Photo Credit: Moshe Feiglin

Editor’s note: The following derives from a recent interview with Moshe Feiglin on Channel 20’s Riklin and Magal Show.

Shimon Riklin: So you couldn’t care less about the right-wing bloc, Moshe? You don’t define yourself as rightist?

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Moshe Feiglin: Look, if being rightist means losing to Hamas a few months ago, and then paying monthly protection money to preserve the quiet at least until the elections – if that is Right, then I am not Right…

Riklin: In other words, in one scenario or another you may join Gantz. In other words, it depends what they tell you. You are not committed to any bloc. Is that correct?

Feiglin: Ultimately, there are no blocs, Riklin. Ultimately, there is the Land of Israel…. [W]hat do you have on both sides? The two-state solution. Both the Likud and Gantz are talking about the two-state solution.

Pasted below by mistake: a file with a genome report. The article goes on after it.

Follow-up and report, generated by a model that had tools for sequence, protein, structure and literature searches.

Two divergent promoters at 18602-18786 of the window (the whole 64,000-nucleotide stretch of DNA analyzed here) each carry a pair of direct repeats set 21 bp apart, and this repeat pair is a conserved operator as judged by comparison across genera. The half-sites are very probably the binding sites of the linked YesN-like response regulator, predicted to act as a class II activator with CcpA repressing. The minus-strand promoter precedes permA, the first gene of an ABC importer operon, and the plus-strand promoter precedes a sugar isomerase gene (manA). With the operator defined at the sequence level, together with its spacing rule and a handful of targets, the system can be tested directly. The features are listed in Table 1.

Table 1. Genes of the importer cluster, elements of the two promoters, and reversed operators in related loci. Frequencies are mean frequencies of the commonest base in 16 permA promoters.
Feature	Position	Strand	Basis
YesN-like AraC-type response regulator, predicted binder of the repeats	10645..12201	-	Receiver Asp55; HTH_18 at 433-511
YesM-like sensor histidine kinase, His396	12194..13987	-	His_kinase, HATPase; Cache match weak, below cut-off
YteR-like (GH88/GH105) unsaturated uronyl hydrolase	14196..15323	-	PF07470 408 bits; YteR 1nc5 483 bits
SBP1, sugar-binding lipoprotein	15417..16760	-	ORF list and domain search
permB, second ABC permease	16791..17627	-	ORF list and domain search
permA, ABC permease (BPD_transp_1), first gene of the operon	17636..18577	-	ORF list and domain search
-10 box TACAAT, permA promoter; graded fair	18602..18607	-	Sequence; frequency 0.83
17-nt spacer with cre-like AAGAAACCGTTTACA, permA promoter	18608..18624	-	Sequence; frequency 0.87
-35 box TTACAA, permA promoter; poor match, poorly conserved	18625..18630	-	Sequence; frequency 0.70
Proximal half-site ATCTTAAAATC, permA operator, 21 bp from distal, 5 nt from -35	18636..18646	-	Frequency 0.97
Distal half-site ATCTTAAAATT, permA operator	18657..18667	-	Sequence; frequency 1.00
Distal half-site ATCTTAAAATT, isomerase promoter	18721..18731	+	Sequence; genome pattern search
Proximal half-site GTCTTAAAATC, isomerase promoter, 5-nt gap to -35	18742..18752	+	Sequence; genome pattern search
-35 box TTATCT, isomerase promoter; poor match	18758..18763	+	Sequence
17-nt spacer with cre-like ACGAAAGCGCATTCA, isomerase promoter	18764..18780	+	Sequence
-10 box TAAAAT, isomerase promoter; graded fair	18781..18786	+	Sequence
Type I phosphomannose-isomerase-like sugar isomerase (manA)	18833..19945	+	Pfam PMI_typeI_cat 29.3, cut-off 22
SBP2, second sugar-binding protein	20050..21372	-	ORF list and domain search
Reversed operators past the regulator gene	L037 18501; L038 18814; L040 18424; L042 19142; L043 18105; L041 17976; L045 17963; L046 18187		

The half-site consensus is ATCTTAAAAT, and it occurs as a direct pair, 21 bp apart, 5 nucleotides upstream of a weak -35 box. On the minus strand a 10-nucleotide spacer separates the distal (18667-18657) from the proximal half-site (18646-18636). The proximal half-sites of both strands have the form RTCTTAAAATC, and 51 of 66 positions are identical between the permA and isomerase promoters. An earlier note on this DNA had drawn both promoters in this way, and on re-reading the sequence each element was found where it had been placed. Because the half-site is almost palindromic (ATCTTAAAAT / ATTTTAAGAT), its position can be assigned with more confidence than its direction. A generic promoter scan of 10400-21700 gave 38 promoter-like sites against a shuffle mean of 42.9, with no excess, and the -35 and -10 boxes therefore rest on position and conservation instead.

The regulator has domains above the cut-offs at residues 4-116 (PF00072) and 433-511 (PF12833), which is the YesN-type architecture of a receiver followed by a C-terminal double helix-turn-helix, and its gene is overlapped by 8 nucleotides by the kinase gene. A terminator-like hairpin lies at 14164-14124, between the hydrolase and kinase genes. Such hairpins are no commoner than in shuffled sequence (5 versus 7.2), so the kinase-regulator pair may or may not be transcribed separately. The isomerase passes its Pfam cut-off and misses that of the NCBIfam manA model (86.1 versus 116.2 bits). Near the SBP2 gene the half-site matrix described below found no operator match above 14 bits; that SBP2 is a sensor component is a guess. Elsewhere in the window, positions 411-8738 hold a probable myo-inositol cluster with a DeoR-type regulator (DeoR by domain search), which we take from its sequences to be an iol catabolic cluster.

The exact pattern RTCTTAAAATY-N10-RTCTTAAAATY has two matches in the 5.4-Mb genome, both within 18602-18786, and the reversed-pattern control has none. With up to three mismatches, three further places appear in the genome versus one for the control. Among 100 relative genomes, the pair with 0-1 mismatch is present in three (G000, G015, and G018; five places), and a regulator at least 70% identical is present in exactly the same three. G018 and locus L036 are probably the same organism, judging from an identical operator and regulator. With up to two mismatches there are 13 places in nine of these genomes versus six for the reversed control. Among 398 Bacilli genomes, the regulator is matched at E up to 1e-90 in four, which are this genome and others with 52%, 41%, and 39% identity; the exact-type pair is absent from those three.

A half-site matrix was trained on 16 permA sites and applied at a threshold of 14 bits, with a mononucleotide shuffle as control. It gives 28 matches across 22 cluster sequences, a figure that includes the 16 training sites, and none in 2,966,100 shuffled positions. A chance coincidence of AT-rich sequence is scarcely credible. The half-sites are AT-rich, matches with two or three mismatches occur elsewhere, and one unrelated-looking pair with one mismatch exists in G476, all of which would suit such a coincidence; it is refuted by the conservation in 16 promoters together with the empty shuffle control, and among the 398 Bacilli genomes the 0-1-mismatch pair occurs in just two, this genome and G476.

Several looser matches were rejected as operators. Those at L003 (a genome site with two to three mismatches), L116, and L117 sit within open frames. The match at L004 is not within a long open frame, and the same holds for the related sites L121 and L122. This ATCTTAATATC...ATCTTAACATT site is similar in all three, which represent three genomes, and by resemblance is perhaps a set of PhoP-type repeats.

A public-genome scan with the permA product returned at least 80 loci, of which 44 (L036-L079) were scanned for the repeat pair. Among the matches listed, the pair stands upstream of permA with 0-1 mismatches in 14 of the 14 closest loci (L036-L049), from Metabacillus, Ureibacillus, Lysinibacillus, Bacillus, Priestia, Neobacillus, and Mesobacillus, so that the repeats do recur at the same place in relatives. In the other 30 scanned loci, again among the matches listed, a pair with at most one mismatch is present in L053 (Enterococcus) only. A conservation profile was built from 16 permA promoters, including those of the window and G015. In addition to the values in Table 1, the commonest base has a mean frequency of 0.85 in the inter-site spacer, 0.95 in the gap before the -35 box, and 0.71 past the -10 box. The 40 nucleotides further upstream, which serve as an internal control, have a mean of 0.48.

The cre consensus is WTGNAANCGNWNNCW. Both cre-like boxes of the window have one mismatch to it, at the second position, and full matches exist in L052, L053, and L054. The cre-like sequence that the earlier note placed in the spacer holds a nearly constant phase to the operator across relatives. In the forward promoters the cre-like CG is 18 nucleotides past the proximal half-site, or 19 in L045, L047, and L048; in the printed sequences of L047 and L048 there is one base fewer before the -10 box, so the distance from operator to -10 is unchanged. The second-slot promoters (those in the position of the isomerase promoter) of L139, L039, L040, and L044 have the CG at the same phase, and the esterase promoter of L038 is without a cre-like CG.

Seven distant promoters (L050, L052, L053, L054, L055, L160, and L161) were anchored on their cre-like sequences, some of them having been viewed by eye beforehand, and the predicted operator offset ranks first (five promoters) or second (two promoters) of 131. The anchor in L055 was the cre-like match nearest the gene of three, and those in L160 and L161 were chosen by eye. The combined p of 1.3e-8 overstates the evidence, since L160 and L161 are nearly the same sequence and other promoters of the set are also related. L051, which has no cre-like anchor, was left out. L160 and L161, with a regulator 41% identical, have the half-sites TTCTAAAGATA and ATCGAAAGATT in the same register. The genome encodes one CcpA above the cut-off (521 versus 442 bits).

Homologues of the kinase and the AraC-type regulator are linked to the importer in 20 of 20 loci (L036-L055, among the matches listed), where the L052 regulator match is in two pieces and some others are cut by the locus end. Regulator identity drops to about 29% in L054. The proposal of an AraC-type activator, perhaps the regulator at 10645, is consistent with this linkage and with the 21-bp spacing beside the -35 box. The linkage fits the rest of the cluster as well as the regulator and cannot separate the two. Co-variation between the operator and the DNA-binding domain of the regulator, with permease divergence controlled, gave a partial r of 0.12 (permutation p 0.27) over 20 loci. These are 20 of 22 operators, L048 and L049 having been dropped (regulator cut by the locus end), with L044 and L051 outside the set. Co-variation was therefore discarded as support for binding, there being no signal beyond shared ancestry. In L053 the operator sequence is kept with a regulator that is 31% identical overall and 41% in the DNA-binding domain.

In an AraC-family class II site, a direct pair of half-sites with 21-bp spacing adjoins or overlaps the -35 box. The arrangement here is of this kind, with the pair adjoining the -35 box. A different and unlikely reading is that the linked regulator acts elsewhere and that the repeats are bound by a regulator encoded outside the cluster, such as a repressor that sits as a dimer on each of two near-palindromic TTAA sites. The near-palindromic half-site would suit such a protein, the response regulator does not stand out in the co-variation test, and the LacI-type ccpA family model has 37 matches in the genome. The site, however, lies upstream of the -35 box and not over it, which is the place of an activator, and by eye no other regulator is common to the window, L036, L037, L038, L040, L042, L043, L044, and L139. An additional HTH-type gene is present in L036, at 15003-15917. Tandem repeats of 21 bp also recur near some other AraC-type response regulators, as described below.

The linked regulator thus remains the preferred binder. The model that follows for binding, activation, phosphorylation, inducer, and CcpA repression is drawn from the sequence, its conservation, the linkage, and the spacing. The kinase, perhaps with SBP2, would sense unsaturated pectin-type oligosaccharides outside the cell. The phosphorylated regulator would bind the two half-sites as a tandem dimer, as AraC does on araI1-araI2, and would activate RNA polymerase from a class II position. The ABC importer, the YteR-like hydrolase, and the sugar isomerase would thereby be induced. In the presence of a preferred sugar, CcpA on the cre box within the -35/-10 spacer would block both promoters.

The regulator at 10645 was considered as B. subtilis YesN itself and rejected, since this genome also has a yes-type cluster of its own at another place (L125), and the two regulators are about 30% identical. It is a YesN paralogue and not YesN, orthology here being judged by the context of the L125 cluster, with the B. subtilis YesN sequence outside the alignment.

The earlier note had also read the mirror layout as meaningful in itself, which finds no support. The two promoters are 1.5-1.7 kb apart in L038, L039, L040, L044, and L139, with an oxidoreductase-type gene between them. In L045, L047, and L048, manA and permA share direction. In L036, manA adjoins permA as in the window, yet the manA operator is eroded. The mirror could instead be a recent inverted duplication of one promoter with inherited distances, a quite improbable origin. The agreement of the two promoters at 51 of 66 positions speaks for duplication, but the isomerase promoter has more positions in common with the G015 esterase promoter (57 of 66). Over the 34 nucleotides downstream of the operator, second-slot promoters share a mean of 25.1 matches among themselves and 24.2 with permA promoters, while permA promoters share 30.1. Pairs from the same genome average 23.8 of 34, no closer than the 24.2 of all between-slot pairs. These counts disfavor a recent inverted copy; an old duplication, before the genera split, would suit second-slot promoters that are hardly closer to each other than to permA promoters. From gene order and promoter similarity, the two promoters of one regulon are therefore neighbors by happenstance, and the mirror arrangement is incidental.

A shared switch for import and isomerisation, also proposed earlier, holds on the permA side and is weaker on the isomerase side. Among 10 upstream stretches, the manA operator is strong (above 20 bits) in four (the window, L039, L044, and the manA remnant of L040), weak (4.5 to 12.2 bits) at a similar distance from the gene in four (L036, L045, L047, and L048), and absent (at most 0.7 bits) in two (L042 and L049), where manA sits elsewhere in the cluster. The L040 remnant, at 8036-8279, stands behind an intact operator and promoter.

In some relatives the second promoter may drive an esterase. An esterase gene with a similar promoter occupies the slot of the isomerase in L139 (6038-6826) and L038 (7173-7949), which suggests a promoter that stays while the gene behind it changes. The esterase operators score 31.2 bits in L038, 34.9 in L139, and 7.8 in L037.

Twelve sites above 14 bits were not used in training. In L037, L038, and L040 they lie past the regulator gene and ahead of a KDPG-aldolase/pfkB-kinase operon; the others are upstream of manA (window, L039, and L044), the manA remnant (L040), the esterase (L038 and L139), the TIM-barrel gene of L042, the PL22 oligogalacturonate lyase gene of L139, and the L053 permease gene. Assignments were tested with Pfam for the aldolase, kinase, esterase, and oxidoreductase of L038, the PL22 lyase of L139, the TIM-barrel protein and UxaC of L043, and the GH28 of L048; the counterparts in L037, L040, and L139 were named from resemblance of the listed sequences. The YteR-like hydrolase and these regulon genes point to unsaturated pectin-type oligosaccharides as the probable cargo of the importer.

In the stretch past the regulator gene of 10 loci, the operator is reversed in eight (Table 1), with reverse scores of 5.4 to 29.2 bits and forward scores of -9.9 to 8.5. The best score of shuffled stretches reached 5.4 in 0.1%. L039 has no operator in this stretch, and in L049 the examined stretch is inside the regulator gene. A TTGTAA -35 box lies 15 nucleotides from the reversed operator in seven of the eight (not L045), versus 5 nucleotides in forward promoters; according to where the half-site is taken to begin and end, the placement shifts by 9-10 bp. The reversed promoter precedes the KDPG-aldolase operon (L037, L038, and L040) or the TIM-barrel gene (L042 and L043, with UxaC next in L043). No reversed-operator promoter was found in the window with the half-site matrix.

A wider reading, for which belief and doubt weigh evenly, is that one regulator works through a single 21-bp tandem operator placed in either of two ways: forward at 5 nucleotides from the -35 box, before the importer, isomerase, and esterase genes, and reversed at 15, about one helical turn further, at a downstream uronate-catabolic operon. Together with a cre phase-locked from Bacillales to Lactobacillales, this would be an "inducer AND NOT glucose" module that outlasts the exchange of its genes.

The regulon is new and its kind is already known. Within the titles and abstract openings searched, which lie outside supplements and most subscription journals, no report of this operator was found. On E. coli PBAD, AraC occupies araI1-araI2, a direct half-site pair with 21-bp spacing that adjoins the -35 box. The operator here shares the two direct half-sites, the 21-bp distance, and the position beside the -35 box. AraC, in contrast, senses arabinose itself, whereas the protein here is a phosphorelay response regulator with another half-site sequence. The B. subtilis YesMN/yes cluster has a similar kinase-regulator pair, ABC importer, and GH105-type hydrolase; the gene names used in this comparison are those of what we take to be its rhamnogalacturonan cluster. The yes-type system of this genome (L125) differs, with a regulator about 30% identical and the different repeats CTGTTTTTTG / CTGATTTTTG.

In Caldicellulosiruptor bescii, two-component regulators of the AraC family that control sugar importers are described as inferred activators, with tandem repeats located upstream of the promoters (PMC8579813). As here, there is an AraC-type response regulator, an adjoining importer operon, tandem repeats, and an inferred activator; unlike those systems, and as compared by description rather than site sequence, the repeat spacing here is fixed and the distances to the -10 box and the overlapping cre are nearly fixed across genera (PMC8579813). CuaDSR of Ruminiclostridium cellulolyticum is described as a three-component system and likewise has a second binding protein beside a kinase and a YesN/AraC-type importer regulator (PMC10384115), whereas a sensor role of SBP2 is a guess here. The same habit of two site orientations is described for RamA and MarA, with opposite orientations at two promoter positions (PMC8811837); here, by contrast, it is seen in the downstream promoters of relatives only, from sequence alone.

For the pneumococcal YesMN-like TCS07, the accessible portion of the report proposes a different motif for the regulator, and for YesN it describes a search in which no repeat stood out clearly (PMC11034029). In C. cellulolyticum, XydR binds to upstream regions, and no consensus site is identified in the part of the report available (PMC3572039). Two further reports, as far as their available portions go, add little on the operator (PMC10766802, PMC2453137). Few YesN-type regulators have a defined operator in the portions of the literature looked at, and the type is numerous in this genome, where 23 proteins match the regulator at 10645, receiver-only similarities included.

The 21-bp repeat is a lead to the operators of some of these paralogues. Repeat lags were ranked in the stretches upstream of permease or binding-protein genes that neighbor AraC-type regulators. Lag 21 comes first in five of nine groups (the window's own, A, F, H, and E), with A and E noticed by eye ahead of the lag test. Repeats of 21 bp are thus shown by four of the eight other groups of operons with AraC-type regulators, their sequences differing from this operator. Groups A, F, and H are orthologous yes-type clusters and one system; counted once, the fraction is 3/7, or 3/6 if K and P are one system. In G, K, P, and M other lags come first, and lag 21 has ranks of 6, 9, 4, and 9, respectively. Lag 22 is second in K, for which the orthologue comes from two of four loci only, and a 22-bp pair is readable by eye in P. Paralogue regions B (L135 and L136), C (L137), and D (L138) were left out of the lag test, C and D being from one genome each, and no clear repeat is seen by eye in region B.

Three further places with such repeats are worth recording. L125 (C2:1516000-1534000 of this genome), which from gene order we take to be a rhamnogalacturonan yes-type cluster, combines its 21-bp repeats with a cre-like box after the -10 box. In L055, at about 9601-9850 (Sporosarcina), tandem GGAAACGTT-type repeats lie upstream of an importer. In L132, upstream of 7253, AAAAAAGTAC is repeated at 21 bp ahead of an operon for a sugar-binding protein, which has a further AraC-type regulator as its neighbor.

Riklin: You were at the head of Zo Artzeinu. You can’t change history retroactively – that if Shamir had won the elections [in 1992], the same thing would have happened. You know it wouldn’t have happened.

Feiglin: You want an answer? Who opened the way to Oslo? Who talked about a strong Palestinian police force? Who paved the way and opened the gate?

Yinon Magal: Begin?

Feiglin: Begin. Who went to the Madrid Conference and allowed Arafat to give instructions from backstage? Who? Shamir. And then came Oslo. Along came Rabin, who was a link in the chain….